We’ve all heard of MarTech, a newer term making the rounds of marketers and developers. Could this be just one more fad tech term? Or is MarTech a real, useful thing?
MarTech can provide you with more powerful data, and that data can guide you to improved interactions with your users. MarTech is here to stay.
What Is MarTech?
MarTech is an umbrella term for tools and services that (1) collect, (2) analyze and (3) present data, and thus help digital marketers make better, data-driven decisions. MarTech helps you better understand the journeys of your prospects and customers. Its tools help you test different campaigns, monitor engagement, automate communications and, ultimately, tweak it all to improve your marketing performance.
Google Analytics (GA), a common MarTech tool (you are using GA, right?), checks the three boxes:
- It collects useful and relevant data about your users as they visit your site.
- It analyzes the data to find meaningful insights.
- It presents those insights to you, the digital marketer, in a clear and understandable way.
GA gives you information that helps to boost conversions, improve customer communications, and get the most out of your budget.
What Is a MarTech Stack?
GA should not be the only tool on your MarTech tool belt. Google Tag Manager (GTM) collects and pushes additional data; Crazy Egg and other heat-mapping tools show how users interact with your site; services such as Optimizely test to see which of your changes are actual improvements.
And that’s just the beginning of an array of MarTech tools. Among the more common ones:
- Marketing automation tools (SharpSpring, Marketo, etc.)
- Email marketing services (MailChimp, for example)
- SEO platforms (Semrush, for example)
- Ad platforms (Google, Facebook, etc.)
- CRMs (Salesforce, Hubspot, etc.)
You may be tapping into other systems within your organization, as well, that aren’t specifically geared to marketers. For instance, you may have an ecommerce site that's powered by a PIM (Product Information Management) or ERP (Enterprise Resource Planning) system.
Taken together, the different platforms and services that power your marketing efforts form your MarTech stack.
What's an Integrated MarTech Stack?
No single tool brings total clarity and insight to the full range of your marketing efforts. That’s why you need to get your cutting-edge MarTech tools to talk to one another to give you a more complete picture.
More and more marketing teams are integrating MarTech tools into stacks. Ideally, data and analyses flow freely among tools layered within these stacks. Individual MarTech tools collect, analyze and present data. An integrated MarTech stack does those same three things across its various component tools.
Most collection/analysis tools have an Application Programming Interface (API) for moving data around. An API allows transfer of data from one software or code to another software or code. But it's only machine readable – no user interface goes with an API. (We developers enjoy complication; APIs are also known as web services, web methods, RESTful services, and endpoints.)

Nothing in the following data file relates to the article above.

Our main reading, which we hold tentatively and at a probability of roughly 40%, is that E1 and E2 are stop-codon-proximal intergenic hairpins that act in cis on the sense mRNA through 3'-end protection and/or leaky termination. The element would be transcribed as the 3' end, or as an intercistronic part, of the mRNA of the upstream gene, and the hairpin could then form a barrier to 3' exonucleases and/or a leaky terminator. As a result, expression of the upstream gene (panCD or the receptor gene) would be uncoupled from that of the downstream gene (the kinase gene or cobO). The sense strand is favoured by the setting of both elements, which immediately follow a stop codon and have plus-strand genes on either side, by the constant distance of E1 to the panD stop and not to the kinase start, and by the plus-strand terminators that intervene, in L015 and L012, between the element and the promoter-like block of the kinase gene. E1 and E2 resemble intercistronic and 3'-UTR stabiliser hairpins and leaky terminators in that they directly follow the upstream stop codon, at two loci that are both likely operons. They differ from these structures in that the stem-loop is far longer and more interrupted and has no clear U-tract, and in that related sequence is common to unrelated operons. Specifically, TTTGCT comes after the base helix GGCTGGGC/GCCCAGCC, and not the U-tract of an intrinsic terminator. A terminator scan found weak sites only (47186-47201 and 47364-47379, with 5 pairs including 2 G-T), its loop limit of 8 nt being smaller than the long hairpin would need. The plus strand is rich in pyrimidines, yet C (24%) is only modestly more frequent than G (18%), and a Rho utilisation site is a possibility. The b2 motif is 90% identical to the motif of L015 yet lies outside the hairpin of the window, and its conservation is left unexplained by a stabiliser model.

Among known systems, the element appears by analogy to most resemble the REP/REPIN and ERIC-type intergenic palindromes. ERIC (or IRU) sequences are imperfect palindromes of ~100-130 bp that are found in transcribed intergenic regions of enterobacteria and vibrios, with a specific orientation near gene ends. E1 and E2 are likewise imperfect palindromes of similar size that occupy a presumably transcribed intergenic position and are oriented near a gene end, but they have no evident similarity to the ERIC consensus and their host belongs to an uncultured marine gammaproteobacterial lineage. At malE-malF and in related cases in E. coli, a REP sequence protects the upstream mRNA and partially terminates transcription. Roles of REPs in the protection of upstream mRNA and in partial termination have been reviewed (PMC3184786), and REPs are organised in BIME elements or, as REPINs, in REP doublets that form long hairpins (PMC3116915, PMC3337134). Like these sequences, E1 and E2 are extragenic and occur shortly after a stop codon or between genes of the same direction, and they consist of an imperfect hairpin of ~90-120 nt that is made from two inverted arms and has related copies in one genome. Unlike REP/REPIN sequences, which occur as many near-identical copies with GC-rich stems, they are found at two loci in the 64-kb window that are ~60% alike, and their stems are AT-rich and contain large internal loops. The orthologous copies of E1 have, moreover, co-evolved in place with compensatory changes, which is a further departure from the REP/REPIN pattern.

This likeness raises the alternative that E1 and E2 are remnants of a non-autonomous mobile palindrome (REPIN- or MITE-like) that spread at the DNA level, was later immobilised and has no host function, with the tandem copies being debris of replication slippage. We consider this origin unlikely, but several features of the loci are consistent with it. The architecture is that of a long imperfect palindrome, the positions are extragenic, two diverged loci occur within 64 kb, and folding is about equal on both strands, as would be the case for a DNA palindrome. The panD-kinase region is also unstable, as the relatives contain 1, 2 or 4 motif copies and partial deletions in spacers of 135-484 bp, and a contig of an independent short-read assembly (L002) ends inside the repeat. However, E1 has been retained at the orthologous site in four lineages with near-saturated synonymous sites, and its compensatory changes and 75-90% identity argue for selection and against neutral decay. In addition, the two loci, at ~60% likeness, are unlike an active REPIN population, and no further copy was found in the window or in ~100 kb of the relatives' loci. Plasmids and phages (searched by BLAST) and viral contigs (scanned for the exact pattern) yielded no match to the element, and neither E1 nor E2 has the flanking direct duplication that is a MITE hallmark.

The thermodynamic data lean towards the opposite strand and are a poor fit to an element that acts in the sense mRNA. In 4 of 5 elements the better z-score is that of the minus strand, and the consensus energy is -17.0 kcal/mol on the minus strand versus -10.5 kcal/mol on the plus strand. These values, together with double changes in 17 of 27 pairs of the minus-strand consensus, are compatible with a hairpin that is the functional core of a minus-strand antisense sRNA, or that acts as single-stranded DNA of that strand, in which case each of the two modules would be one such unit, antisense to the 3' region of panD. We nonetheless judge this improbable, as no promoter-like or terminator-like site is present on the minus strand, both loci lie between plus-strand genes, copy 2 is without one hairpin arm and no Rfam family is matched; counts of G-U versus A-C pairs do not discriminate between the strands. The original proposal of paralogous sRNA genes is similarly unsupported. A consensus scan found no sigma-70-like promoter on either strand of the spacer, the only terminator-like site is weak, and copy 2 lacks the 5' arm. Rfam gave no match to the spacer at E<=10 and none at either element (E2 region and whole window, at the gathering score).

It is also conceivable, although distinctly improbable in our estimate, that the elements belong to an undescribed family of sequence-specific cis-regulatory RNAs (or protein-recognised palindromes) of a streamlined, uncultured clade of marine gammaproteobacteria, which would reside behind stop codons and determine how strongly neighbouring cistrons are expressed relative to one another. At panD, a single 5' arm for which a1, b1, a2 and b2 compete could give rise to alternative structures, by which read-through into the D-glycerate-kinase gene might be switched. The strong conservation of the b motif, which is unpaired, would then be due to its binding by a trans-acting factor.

If all the tools in your MarTech stack have APIs, in theory they could all converse. In practice, you might get two tools to talk together. But coaxing a dozen different services to work in harmony? Quite a challenge.
Three Basic Ways to Integrate Your MarTech Stack
Some MarTech tools natively support others. For instance, your CMS might have some built-in integration with GTM or GA. Your marketing automation platform might have built-in connectors for Salesforce or your CRM. Take advantage of such built-ins; sometimes it’s as easy as toggling a checkbox in the settings for a tool or simply providing some credentials for one system to another system.
A whole industry about tying together different platforms has emerged in recent years. Many industry efforts aim specifically at MarTech tools. Terms such as “workflow automation” and “enterprise data orchestration” have attached to such big players in this field as Zapier, LeadsBridge, Integromat and Automate.io.
Their tools provide connectors to dozens, even hundreds, of different platforms. They give you a simple, clean interface for building out workflows that move data among systems. A workflow usually starts with some sort of trigger and then runs a series of tasks. A website visitor submitting a contact form, for instance, could trigger the system to run a series of tasks: forwarding an email to the appropriate member of the sales team; adding the user as a prospect to the CRM; starting the user on a drip email marketing campaign, and so on.
Custom Integration/Automation Hub
Workflow automation platforms can be powerful, but they have their drawbacks.
First, many platform providers charge based on volume. If you run thousands or even millions of workflows daily, cost can run away quickly.
Second, providers of these systems prioritize connecting large platforms. Almost all connect to Salesforce and Google Analytics, but might not connect to some of your tools. If your MarTech stack includes tools that target a niche industry (e.g., an ERP for a certain type of manufacturer), or any custom applications developed internally, you likely won’t be able to connect them.
A custom integration hub could be a good option. To create one, you work with a development team to build a solution that can connect to all of your tools, at any volume and with whatever custom business logic you need. This is expensive, but a custom hub gives you the most flexibility.
To learn more about custom integration hubs, watch a replay of our webinar, New Solutions to (Finally) Tie Your MarTech Stack Together. If you need advice about the best approach to your MarTech stack integration, or want to discuss how a custom solution could meet your needs, our expert software development team can help! Contact us today.